||5R37CA225877-04 Interpret this number
||University Of Wisconsin-Madison
||Multi-Site Adaptive Trial of a Technology-Based, Ehr-Integrated Physical Activity Intervention in Breast and Endometrial Cancer Survivors
Increased moderate-to-vigorous intensity physical activity (MVPA) is associated with reductions in treatment-
related side effects, cancer recurrence and mortality, and increased QOL in breast and endometrial cancer
survivors. However, the majority (~70%) of survivors do not meet cancer-specific MVPA recommendations
(i.e., 150 mins/week). MVPA support is not part of standard care, resulting in few survivors having access to
efficacious MVPA programs. Failure to translate MVPA programs into care is a result of most interventions
being intense, on-site programs that deliver multiple components simultaneously to all participants. This “one-
size-fits-all” approach does not account for individual needs, nor can it realistically be implemented into
survivorship care. mHealth tools (i.e. smartphone applications, Fitbits, text messages), are inexpensive and
have demonstrated efficacy for increasing MVPA in other populations. Thus, they may be a more scalable, less
resource-intensive strategy to increase MVPA in more survivors. The ability to integrate wearable MVPA
monitor data into the electronic health record (EHR) further enhances the potential for a technology-supported
MVPA intervention to be integrated into cancer care. However, responses to these tools are heterogeneous
and may vary as part of a gradually progressing (in terms of weekly goal mins) MVPA program and their
effects on morbidity indicators is unknown. While a minimal intervention including the Fitbit integrated into the
EHR (Fitbit+EHR) may be sufficient for some cancer survivors to increase their MVPA, others will need more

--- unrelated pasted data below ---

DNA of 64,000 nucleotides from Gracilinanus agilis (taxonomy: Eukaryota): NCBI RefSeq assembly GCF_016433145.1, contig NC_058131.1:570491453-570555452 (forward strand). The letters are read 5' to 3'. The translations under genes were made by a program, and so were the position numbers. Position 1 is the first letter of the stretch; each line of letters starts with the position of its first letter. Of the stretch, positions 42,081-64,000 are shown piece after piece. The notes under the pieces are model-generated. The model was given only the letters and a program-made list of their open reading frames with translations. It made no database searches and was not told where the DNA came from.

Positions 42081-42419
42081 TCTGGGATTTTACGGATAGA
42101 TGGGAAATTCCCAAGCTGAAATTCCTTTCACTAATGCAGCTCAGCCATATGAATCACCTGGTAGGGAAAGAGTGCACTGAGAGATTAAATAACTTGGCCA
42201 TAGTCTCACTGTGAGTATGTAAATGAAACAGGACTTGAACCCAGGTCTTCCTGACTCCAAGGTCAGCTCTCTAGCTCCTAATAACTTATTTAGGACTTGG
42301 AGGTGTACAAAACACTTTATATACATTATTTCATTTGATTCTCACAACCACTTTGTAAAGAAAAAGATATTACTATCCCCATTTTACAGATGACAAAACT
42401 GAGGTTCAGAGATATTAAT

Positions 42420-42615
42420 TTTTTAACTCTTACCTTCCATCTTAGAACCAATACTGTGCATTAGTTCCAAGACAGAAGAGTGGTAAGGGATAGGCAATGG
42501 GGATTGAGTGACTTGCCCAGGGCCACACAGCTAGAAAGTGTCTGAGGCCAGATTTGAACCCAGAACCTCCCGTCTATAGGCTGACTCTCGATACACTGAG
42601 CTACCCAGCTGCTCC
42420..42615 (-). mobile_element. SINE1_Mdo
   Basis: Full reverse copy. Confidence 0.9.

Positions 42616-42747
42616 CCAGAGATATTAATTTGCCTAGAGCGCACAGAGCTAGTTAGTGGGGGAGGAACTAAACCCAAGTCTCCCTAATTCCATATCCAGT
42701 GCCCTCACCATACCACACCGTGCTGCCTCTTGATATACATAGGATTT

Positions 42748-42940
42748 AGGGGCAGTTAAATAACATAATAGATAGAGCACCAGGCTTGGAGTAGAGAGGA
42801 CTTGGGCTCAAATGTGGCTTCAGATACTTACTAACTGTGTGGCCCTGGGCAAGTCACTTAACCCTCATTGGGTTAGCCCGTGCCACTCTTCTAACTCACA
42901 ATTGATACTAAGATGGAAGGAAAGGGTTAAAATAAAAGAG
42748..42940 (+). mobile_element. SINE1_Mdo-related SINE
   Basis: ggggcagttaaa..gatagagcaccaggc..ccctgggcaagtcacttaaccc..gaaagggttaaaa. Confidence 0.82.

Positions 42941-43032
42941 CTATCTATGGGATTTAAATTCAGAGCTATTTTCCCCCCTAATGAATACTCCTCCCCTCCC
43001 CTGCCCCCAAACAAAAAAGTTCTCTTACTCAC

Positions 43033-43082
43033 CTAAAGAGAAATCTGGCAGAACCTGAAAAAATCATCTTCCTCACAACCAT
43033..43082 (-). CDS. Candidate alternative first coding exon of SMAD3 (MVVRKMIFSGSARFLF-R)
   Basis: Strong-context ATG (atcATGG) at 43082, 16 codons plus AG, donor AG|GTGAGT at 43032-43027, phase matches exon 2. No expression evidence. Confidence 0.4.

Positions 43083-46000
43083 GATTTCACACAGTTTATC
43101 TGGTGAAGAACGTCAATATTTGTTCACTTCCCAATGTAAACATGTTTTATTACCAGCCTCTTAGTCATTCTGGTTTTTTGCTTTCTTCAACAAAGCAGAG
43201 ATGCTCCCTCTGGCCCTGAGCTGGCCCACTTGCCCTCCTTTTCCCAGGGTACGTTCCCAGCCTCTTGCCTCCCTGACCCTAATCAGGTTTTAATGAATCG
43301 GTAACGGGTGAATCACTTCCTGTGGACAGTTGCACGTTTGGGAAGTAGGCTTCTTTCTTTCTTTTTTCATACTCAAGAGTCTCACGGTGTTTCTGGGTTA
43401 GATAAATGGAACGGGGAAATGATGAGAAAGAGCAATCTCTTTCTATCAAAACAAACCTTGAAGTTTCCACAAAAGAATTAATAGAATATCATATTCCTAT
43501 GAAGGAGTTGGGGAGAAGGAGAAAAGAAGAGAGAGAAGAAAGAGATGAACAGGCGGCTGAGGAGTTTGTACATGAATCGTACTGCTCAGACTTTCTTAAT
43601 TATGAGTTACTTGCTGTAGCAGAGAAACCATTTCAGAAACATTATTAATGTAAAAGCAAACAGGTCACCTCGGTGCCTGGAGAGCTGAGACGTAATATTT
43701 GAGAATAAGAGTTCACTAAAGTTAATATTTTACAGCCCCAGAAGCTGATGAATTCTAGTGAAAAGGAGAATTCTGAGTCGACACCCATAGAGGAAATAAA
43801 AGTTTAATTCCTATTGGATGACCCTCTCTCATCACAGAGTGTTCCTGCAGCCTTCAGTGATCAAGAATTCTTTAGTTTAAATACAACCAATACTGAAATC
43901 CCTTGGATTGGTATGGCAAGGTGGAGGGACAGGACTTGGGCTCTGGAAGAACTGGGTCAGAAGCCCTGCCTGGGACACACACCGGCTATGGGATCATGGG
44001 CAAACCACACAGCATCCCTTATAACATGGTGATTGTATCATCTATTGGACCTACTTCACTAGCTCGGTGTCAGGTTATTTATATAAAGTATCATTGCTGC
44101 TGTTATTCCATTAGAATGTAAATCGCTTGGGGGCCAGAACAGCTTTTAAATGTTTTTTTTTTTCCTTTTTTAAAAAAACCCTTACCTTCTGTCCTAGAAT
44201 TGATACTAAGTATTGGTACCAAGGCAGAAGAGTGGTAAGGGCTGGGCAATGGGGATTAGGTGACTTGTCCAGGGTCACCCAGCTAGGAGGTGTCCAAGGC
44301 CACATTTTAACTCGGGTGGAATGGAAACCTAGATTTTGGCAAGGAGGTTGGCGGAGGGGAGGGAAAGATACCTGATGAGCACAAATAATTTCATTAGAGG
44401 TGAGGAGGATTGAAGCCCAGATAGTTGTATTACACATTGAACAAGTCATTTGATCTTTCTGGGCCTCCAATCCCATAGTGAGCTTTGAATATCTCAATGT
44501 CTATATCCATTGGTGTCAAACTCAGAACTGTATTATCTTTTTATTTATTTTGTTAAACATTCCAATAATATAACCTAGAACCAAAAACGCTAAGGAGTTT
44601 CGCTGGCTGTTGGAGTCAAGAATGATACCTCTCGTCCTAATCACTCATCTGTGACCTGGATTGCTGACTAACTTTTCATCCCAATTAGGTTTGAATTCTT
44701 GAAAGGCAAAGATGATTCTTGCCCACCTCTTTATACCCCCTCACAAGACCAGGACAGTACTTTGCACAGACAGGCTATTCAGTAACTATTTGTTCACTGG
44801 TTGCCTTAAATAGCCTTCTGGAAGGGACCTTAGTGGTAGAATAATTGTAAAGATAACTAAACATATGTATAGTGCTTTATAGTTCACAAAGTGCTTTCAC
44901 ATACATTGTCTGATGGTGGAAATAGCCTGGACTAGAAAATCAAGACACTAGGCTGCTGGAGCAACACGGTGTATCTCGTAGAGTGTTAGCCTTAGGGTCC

support. Further, some survivors may need this additional support early on, while others may succeed early,
but fail later when the MVPA goal increases. Evidence is lacking to determine: a) whether the best
augmentation tactic for increasing MVPA in non-responders is to offer another mHealth component (i.e. online
exercise videos) alone or with a more traditional component (i.e., telephone coaching) and b) what the best
adaptive intervention is to improve morbidity indicators. Thus, we propose to utilize a novel adaptive
intervention design to determine the optimal: 1) augmentation component(s) to address non-response and
2) adaptive intervention for improving morbidity indicators (i.e., symptom burden and functional performance).
Inactive breast and endometrial cancer survivors (n=320) will receive a Fitbit integrated into the EHR
(Fitbit+EHR). Those who do not respond to the Fitbit+EHR intervention as evidenced by failure to sufficiently
increase their MVPA will be re-randomized to one of two subsequent augmentation tactics, either: (1) online
gym or (2) online gym and coaching calls. Responders will continue with the Fitbit+EHR for 6 months. The
project is significant because it aims to develop an effective and scalable MVPA intervention for cancer
survivors that will move from a one-size-fits-all approach to a dynamic, tailored approach for MVPA promotion
by identifying non-responders at the right time and providing them with the additional intervention components
necessary to increase MVPA and improve health and disease outcomes.
Optimization of a technology-supported physical activity promotion intervention for breast cancer survivors: Results from Fit2Thrive.
, Penedo F.J.
, Collins L.M.
, Solk P.
, Siddique J.
, Song J.
, Cella D.
, Courneya K.S.
, Ackermann R.T.
, Welch W.A.
, et al.
Cancer, 2022-03-01; 128(5), p. 1122-1132.